Insufficient resources


Multi
-
agency response


Distributed response


Insufficient (pre
-
existing) (broken or failing) infrastructure


(Minimum of pre
-
arrangement)


(Bound late)

* http://www.nps.edu/cebrowski/HFN.html


NPS CISR

HFN Brown Bag: Security for Hastily
Formed Networks

7

Network


Collection of nodes and links


Typically communicating nodes over communication links


We speak of PANs, LANs, WANs (also MANs, SANs,
NANs); also agencies, commands, enterprises, and other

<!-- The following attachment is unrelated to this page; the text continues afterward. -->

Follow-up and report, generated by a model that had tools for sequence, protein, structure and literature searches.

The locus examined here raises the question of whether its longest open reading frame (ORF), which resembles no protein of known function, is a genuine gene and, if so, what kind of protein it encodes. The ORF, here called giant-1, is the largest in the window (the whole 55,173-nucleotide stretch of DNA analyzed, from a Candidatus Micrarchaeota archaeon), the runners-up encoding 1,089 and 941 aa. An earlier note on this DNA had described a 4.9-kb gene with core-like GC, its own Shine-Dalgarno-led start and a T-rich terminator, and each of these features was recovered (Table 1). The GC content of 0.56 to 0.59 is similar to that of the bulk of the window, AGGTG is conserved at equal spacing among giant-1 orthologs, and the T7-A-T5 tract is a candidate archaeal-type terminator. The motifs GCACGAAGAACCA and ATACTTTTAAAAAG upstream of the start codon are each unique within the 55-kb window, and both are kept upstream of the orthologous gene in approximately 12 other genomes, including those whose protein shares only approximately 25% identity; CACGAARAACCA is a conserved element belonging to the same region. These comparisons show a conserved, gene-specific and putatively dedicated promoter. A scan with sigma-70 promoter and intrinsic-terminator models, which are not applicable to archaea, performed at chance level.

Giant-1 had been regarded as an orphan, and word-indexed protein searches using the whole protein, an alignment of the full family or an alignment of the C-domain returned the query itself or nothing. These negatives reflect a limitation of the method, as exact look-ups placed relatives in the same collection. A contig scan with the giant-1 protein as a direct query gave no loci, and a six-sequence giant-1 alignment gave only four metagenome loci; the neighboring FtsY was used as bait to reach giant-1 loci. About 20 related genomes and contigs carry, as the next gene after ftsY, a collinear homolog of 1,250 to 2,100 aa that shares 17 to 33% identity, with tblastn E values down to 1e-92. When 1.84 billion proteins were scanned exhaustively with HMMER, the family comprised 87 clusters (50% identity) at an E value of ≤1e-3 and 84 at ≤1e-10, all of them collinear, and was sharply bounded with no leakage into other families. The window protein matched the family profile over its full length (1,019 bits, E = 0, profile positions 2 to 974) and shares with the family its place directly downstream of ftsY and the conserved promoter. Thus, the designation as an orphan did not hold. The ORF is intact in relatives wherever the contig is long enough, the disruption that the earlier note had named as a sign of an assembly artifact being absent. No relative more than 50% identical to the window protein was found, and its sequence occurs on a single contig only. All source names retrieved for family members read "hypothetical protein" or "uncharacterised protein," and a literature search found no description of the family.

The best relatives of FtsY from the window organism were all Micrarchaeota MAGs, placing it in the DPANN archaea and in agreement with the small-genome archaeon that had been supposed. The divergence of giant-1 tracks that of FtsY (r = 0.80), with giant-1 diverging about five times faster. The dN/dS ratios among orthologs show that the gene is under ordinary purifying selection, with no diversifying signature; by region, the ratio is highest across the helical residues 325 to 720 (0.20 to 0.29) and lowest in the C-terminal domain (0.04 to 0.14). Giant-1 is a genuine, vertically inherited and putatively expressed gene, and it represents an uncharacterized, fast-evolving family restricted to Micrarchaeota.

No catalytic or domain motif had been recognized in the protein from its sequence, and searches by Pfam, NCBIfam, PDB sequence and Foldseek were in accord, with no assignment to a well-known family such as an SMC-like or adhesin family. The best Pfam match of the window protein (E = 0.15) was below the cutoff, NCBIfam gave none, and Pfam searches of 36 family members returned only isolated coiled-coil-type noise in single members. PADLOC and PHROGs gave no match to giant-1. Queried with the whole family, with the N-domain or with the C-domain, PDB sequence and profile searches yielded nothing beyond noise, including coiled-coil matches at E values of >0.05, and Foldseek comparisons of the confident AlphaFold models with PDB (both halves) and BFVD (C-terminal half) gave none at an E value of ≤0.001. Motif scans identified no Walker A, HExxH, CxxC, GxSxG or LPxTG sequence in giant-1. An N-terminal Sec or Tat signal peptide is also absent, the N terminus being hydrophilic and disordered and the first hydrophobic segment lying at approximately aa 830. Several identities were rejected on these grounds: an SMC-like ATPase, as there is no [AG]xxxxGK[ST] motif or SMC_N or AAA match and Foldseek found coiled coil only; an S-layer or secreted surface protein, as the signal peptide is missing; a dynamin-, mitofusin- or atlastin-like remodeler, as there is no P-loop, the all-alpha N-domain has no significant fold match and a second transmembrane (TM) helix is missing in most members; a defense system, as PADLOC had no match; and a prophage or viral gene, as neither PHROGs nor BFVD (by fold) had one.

affinity groups


Usually for the purpose of cooperation and collaboration


e.g., disaster response, war
-
fighting


“A ‘cloud’ with routers at its boundaries”*


* Rex Buddenberg


NPS CISR

HFN Brown Bag: Security for Hastily
Formed Networks

8

Desiderata of HFNs


Robustness (e.g., mesh topology)


Open as to connection


Ease of repair


Inter
-
operability


Cross
-
domain addressability


Minimal required pre
-
arrangement


Fail
-
soft under load


Other



NPS CISR

HFN Brown Bag: Security for Hastily
Formed Networks

9

Network Security


Network Integrity: getting traffic from any node to any
other node with an acceptable signal
-
to
-
noise ratio. (No
interference or contamination)



Network Confidentiality: getting traffic from any node
only to a specified node. (minimal leakage).



Network Availability: getting traffic from any node to any